Early linear growth retardation: results of a prospective study of Zambian infants

Chilengi, R., Asombang, M., Kadota, J. L., Chilyabanyama, O. N., Mwila-Kazimbaya, K., Ng'ombe, H., Simuyandi, M. and Bosomprah, S.

BACKGROUND: Linear growth retardation is the most dominant nutritional problem globally. We aimed to describe linear growth trajectory among infants under 2 years of age using the WHO growth velocity standards.

METHOD: This was a prospective cohort study of infants enrolled at 6 weeks of age and followed up for up to 24 months in Kamwala Urban Health Centre, Lusaka, Zambia. The study was conducted between April 2013 and March 2015. Infants were enrolled if they were 6-12 weeks of age and the mother was willing to participate voluntarily and provided informed consent. Anthropometric data were collected at scheduled clinic visits at 1 month, 2 months, 3 months, then quarterly until the infant was 24 months old. We defined linear growth velocity as the rate of change in height. We estimated linear growth velocity as the first derivative of the penalized cubic spline mixed effects model.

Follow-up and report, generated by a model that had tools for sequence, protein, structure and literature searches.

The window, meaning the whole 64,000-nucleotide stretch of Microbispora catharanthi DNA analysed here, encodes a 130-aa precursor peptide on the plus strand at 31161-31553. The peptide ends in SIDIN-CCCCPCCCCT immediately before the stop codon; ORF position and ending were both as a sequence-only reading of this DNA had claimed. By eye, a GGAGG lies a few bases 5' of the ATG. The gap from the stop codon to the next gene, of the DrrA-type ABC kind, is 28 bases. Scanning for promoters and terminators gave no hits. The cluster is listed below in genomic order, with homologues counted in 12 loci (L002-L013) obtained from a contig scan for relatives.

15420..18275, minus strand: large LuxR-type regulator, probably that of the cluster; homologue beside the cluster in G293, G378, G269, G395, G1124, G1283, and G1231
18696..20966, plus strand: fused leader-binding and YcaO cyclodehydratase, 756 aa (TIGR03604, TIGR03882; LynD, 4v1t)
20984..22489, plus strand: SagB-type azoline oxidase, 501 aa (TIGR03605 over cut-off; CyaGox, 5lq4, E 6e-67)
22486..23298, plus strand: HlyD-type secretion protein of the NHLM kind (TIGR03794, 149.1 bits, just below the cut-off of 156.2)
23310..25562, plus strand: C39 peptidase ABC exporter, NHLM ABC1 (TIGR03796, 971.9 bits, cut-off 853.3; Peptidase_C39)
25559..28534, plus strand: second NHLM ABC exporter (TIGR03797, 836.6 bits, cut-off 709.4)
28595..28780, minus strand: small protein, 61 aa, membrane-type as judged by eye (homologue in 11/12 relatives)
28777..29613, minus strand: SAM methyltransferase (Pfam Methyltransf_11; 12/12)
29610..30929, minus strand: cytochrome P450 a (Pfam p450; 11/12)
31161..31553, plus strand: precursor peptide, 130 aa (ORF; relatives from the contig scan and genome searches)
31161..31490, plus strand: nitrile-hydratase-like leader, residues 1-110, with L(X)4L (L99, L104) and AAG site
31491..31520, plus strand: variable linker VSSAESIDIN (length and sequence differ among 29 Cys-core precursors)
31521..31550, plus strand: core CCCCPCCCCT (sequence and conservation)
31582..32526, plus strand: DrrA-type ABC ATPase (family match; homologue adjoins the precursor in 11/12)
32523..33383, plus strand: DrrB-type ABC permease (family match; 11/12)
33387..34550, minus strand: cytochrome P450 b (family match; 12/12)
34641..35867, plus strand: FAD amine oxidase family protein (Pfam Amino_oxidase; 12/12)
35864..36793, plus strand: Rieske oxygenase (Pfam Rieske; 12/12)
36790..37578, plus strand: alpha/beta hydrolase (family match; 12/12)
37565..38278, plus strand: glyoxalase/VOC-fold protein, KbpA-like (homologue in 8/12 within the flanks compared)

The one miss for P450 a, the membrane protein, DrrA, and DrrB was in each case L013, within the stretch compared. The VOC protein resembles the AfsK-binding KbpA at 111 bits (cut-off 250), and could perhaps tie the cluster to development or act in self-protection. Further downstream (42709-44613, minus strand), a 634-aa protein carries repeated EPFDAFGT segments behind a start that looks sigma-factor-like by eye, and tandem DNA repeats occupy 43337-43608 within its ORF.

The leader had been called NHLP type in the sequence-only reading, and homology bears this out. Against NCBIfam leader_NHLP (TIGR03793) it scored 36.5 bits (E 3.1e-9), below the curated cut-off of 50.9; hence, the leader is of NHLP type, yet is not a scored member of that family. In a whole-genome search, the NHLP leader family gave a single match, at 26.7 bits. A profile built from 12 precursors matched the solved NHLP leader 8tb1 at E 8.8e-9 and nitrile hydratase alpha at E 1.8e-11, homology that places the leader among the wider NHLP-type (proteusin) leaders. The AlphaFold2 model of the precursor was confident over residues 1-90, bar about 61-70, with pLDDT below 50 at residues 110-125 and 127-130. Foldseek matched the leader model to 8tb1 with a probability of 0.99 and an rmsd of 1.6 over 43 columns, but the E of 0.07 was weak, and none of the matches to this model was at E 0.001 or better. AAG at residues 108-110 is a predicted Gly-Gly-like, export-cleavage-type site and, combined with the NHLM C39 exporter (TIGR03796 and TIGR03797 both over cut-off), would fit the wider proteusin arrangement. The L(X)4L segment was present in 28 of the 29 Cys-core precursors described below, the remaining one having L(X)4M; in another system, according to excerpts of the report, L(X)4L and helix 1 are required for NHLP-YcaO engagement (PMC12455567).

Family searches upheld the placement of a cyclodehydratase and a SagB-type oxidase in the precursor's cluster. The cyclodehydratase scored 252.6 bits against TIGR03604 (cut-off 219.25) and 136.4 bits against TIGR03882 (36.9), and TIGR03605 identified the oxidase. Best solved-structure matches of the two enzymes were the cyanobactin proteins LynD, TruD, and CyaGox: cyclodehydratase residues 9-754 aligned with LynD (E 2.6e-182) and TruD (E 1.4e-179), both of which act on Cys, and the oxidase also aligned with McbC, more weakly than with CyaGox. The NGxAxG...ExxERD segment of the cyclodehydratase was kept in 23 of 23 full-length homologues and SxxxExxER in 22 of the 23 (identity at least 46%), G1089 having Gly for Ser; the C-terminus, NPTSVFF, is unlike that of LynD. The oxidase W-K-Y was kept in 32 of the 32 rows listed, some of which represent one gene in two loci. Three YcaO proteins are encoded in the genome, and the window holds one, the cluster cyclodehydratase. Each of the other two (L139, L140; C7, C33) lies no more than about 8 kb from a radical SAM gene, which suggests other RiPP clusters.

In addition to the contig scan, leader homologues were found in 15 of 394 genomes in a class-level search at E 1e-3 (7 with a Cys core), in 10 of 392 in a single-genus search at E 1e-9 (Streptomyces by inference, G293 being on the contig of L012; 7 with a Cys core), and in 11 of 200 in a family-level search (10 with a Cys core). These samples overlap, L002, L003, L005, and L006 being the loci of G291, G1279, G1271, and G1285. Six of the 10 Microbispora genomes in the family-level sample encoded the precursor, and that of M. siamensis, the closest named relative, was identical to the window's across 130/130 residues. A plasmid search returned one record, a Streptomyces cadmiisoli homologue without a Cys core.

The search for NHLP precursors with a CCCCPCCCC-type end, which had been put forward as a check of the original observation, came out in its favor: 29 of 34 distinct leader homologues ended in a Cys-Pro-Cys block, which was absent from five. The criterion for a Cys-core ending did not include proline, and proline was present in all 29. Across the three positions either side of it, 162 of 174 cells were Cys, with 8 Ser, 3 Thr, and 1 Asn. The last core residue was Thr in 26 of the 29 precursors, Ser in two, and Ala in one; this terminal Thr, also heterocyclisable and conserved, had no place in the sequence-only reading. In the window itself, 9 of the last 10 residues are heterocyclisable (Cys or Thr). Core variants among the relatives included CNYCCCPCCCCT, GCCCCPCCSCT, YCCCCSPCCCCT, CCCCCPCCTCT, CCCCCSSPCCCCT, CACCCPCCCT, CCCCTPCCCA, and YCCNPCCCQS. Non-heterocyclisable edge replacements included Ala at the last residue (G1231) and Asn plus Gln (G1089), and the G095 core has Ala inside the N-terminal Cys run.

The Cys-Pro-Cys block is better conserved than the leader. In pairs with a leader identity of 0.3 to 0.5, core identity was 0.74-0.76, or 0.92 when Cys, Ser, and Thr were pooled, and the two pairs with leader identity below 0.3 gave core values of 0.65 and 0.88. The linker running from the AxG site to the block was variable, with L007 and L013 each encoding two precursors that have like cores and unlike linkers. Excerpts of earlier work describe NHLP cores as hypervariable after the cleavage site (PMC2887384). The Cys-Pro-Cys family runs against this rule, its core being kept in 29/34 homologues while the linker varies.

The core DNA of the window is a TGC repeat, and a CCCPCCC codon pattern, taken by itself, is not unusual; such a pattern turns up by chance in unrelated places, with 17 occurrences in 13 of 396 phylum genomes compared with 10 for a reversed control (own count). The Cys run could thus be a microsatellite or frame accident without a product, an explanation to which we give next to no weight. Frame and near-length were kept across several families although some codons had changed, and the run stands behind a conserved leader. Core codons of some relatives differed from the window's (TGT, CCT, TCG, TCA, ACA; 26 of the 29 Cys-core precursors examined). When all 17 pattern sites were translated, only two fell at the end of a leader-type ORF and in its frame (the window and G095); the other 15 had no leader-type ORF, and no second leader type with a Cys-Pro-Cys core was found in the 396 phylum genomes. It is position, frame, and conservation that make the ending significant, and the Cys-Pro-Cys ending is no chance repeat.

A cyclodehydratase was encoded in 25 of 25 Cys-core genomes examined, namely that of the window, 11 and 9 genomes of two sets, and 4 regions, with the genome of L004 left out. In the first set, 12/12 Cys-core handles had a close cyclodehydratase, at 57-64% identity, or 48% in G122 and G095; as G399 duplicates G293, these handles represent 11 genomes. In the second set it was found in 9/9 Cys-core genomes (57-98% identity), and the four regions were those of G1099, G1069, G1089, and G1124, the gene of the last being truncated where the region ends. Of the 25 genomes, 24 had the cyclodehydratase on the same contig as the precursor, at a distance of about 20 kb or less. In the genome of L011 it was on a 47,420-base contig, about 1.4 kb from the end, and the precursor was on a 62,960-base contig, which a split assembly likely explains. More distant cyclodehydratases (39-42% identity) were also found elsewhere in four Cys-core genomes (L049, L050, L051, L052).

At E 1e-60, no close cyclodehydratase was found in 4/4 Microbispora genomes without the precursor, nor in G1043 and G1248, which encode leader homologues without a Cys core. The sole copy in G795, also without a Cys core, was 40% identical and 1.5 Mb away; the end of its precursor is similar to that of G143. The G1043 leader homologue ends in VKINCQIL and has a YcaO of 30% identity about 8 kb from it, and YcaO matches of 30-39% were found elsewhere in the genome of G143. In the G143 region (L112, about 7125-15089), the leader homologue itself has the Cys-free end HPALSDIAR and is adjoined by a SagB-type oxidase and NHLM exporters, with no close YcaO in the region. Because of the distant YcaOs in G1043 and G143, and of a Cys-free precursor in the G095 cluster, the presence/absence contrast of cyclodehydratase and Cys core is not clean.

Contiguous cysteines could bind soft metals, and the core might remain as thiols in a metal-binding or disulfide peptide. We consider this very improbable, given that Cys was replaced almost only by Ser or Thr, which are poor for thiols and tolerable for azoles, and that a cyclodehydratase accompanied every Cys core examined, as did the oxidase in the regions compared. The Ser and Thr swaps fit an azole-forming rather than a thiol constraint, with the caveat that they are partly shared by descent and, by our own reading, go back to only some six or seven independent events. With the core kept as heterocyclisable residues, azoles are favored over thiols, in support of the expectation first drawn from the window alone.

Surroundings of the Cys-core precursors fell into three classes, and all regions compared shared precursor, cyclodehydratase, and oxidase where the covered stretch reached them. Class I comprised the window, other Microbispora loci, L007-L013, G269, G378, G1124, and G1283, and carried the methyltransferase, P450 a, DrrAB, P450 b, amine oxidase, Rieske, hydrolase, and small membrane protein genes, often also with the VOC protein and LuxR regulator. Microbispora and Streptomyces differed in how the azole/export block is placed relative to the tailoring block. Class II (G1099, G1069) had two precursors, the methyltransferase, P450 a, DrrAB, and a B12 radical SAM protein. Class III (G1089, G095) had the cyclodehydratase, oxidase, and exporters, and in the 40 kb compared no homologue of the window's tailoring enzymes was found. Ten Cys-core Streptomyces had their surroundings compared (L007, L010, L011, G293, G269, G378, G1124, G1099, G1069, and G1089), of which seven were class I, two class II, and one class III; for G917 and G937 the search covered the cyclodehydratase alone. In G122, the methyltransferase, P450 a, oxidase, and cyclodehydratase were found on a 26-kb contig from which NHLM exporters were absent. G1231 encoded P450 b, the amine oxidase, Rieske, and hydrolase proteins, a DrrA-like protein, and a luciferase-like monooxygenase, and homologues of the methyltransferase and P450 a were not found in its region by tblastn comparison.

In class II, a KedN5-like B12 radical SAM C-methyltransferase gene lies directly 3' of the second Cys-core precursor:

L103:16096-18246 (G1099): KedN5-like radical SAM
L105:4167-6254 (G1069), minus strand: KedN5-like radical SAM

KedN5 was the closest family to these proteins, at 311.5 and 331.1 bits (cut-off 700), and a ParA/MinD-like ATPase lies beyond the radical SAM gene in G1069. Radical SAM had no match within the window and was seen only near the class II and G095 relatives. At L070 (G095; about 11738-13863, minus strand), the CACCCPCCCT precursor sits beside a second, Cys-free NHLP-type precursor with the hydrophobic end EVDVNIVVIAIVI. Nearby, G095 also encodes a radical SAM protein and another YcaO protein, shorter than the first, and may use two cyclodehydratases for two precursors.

RESULTS: A total of 338 children were included in the analysis. Of these, 185 (54.7%) were female, 115 (34.1%) were born to HIV positive mothers and thus classified as HIV Exposed (HE). The mean age of children at enrollment was 1.6 months (SD = 0.15). On average, the growth velocity for 3-month length increments conditional on age were 0-3 months = 2.97 cm/3mo (95%CI = 2.69, 3.25); 3-6 months = 2.62 cm/3mo (95%CI = 2.38, 2.87); 6-9 months = 1.57 cm/3mo (95%CI = 1.43, 1.71); 9-12 months = 1.18 cm/3mo (95%CI = 1.08, 1.28); 12-15 month = 1.14 cm/3mo (95%CI = 1.02, 1.27); 15-18 months = 0.87 cm/3mo (95%CI = 0.79, 0.96); 18-21 months = 0.80 cm/3mo (95%CI = 0.72, 0.89); and 21-24 months = 0.86 cm/3mo (95%CI = 0.77, 0.96). For both boys and girls, the growth velocity in our cohort were consistently below the 3rd percentile of the WHO linear growth velocity standard. The estimated mean height and the age at which growth begins to falter were 68.6 cm (95%CI = 68.0, 69.2) and 13.6 months (95%CI = 13.2, 14.1) respectively.

CONCLUSION: We found slower rate of growth among otherwise healthy Zambian infants. The data suggests that growth retardation is universal and profound in this cohort and may have already been occurring in utero.

April 12, 2019
Year of publication
Resource types
Journal and research articles
Zambia, HIV-exposed infants, HIV-positive mothers

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